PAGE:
div data-adroot=””>To meet the ambitious goal of net-zero emissions by 2050, the U.S. is going to have to get creative with renewable energy. We can double down on long-established technologies like wind, geothermal, and solar energy, but they aren’t perfect.
For example, solar panel manufacturing comes with a hefty carbon footprint and requires dangerous chemicals. To seek out a more sustainable source of solar energy, scientists from the Swiss Federal Institute of Technology in Lausanne (EPFL) are starting small.
Well, more like microscopic: The researchers tricked out bacteria to produce solar electricity, which they hope to scale up for widespread production.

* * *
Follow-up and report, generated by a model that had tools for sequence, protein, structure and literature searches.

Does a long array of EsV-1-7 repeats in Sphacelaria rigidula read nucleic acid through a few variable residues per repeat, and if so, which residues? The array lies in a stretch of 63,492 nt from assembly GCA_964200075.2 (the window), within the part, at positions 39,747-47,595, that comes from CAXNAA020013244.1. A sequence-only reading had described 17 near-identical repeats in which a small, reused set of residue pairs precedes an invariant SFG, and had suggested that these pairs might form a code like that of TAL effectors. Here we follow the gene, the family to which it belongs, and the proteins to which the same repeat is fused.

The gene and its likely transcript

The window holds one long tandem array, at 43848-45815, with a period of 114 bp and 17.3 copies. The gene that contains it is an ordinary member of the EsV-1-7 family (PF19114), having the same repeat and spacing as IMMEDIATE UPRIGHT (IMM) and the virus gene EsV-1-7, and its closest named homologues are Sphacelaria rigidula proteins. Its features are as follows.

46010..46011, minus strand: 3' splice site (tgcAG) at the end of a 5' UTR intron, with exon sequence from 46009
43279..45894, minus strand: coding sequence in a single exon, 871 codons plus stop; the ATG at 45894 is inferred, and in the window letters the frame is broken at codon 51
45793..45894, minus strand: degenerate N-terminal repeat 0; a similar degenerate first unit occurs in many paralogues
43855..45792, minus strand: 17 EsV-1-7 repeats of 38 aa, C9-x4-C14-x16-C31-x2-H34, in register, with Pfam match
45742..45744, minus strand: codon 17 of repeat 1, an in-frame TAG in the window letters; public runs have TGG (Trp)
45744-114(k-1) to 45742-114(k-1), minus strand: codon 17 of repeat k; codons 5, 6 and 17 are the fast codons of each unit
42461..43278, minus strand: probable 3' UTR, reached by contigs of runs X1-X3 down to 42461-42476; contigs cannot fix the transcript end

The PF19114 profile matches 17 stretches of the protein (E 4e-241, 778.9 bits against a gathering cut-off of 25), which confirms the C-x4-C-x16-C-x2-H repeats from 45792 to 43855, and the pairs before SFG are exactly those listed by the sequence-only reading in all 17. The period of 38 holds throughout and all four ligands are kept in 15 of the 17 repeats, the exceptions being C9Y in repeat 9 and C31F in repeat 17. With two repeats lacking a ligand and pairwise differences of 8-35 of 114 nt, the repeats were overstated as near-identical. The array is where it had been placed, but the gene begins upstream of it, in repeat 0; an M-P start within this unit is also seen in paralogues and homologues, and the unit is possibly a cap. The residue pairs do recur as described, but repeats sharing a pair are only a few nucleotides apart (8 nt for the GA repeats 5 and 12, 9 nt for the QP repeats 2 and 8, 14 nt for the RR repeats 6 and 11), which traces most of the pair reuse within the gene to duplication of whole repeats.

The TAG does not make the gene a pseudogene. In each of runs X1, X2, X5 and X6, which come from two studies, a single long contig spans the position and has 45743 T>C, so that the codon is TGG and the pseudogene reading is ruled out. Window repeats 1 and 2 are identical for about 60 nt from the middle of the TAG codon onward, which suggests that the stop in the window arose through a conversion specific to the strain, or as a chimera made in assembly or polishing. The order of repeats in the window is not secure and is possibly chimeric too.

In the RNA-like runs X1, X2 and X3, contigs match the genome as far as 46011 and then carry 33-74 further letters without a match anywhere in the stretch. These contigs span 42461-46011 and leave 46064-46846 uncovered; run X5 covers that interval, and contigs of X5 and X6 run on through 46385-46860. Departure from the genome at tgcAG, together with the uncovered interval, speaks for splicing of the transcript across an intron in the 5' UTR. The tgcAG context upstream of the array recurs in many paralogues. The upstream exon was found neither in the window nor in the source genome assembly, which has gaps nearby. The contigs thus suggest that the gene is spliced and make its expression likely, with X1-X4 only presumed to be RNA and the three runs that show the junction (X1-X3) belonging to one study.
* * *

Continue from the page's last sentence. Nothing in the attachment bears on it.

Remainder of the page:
The two types of cyanobacteria they studied, Synechocystis and Nostoc, get their energy through photosynthesis (like plants do). Adding in nanomaterials like carbon tubes can help the bacteria produce significantly more electricity when illuminated by light, according to a new study published in Nature Nanotechnology.
Now, the EPFL lab is working on using the engineered bacteria to create a “living photovoltaic” that mimics the materials found on solar panels.
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